Red wine, white wine, sparkling champagne – whatever floats your boat, somewhere out there you’ll find a wine travel destination that ticks all your boxes too. Hitting the wine trail in California mixes sun, sea and vineyards in ideal quantities; while a trip to the Bourgogne region of France will put you at the heart of some of the best wine tasting trails in the world.
Beaune, Bourgogne Region by daffyduke via Flickr Creative Commons
As with all travel, wine travel is dependent on environment and personality as well as the product you have come to sample. There’s no pint, for example, in schlepping halfway around the world to visit a legendary vineyard if it’s in the middle of an environment you dislike.
1: The UK
Yes, believe it or not the United Kingdom is on the wine travel map. The south of England has started to produce some excellent wines, including “British Champagne”: and one or two of the bigger vineyards are open for a tour. The Purbeck vineyard in Dorset is a prime example – offering accommodation and tours in one of the country’s prettiest counties.
Still one of the world’s most renowned producers of all three major styles of wine, France heads up wine tour lists every year for obvious reasons. There are roughly 13 specific wine regions in France, most of them so famous that their name (the French call it a terroir, which is literally a territory) is given to whole styles of white wine and red wine. Chablis; Rhone; Beaujolais; and Bordeaux are but a few.
Bar a Vin Caviste by quinet via Flickr Creative Commons
Every region is full of cavistes – stores that sell the wine on for the vineyards. It is possible to conduct wine tasting tours of the vineyards themselves, or to explore the cavistes. In either incarnation, the French wine holiday is one of the greatest in the world, for sheer variety of taste and countryside. You can pick according to your favourite wine style, or for the ambience of the region.
California was one of the first “New World” (i.e., not French) locations to seriously challenge the dominance of the French winemakers. In the 1970s, an enterprising Californian vineyard went head to head with a selection of the best French wines in a blind tasting and won – putting California on the winemaking map forever.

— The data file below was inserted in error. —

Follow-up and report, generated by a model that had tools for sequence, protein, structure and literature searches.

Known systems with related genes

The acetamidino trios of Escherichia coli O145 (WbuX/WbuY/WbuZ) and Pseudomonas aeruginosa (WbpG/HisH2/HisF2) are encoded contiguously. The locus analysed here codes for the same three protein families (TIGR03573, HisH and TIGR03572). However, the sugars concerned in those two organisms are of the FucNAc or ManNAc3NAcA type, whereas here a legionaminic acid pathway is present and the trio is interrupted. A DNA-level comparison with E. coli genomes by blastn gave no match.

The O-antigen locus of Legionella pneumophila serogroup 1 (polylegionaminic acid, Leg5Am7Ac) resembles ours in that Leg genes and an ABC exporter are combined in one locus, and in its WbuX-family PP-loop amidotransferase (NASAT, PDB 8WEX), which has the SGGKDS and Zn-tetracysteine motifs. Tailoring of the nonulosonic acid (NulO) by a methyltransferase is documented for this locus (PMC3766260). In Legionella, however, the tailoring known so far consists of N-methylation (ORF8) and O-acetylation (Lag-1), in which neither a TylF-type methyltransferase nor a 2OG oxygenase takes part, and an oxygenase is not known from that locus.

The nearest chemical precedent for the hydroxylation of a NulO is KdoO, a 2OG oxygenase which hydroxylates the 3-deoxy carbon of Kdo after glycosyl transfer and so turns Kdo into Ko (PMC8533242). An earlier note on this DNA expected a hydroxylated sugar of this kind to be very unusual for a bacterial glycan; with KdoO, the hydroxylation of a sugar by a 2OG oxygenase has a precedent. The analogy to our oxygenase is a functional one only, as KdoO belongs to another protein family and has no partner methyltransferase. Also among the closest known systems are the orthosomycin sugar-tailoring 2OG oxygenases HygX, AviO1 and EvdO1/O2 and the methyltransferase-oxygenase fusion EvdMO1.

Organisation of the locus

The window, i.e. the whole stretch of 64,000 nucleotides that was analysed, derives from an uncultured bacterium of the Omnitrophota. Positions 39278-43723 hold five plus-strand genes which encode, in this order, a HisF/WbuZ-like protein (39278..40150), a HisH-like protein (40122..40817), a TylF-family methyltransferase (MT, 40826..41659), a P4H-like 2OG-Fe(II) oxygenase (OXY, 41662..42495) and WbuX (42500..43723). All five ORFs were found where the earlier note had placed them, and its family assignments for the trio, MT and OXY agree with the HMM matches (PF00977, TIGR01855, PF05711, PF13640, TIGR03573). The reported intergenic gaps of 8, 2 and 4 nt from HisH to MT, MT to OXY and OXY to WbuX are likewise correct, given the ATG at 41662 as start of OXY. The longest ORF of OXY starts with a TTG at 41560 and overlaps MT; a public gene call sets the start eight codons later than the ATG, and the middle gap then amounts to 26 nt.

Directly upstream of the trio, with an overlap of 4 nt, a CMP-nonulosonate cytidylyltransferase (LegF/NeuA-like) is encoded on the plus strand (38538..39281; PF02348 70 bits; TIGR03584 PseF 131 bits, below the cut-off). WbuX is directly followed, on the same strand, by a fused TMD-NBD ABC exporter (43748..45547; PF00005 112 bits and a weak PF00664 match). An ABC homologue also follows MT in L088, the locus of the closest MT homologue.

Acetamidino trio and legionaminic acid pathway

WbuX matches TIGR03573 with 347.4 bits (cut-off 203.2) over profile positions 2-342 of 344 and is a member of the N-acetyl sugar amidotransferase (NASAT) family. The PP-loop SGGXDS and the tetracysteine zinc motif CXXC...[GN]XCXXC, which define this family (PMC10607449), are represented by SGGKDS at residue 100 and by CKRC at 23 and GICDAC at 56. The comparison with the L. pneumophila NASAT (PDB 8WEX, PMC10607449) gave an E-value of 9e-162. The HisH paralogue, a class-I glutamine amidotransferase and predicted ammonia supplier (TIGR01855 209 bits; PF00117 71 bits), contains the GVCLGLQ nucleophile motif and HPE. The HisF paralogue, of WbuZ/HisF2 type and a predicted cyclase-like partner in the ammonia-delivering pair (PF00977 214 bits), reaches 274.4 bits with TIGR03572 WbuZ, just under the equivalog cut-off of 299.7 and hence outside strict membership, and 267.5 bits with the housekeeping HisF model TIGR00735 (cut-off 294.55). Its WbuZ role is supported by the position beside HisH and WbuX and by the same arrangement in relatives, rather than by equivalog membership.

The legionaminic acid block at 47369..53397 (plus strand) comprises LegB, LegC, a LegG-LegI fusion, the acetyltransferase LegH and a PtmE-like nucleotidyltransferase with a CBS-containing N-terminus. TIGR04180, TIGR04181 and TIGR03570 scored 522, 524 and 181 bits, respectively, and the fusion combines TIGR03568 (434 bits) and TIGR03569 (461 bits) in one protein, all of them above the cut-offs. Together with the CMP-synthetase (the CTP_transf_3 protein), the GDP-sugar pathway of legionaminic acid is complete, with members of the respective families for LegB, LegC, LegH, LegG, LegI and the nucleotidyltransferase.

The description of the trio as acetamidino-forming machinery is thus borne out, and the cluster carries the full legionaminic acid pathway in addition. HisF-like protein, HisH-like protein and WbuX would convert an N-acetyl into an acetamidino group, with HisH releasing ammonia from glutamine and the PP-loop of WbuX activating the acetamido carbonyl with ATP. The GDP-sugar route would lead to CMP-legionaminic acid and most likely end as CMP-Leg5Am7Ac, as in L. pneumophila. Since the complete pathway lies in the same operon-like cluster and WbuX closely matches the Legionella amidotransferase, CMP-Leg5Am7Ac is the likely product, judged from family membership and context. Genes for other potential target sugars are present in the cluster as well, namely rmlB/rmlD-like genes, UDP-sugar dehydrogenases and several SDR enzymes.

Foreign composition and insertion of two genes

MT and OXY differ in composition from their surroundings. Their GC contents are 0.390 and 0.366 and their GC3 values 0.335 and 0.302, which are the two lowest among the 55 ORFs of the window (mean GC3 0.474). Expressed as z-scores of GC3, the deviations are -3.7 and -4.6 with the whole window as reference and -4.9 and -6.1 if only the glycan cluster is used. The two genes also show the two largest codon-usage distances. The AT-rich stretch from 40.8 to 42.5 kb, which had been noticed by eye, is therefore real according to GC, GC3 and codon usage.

Vineyard in Sonoma Valley, California by star5112 via Flickr Creative Commons
Generically referred to as “Wine Country”, California’s wine producing regions are in actual fact split up by mountains and valleys. The Sonoma Valley and the Napa Valley are potentially the most famous of the lot, though the serious wine buff can tour as many as six individual wine producing valleys during a prolonged visit.
Clearly California has other attractions beyond its wine – notably its deserts and its coastal cities. It is, then, perhaps the most user-friendly of wine travel destinations in that one can travel there with a spouse or with friends and do things other than simply tasting wine.
4: New Zealand
The wine lover with a taste for outdoor adventure could do a lot worse than heading to the southern hemisphere for a wine trip. New Zealand’s wine producing region is pretty much isolated in a single valley on the South Island; but the wines that come from there (the Marlborough Region) are outstanding, and a tour of the vineyards can be combined with a tour of the South Island in general.
Grove Mill Winery, Marlborough Region, NZ by swifant via Flickr Creative Commons
Recommended methods of travel in New Zealand include cycling. As one of the only countries in the world where almost no wildlife is dangerous to humans, New Zealand supports wilderness camping with a range of well maintained sites all the way up the two islands. A wine tour is an ideal part of a cycle trip – or a perfect reason for going on one.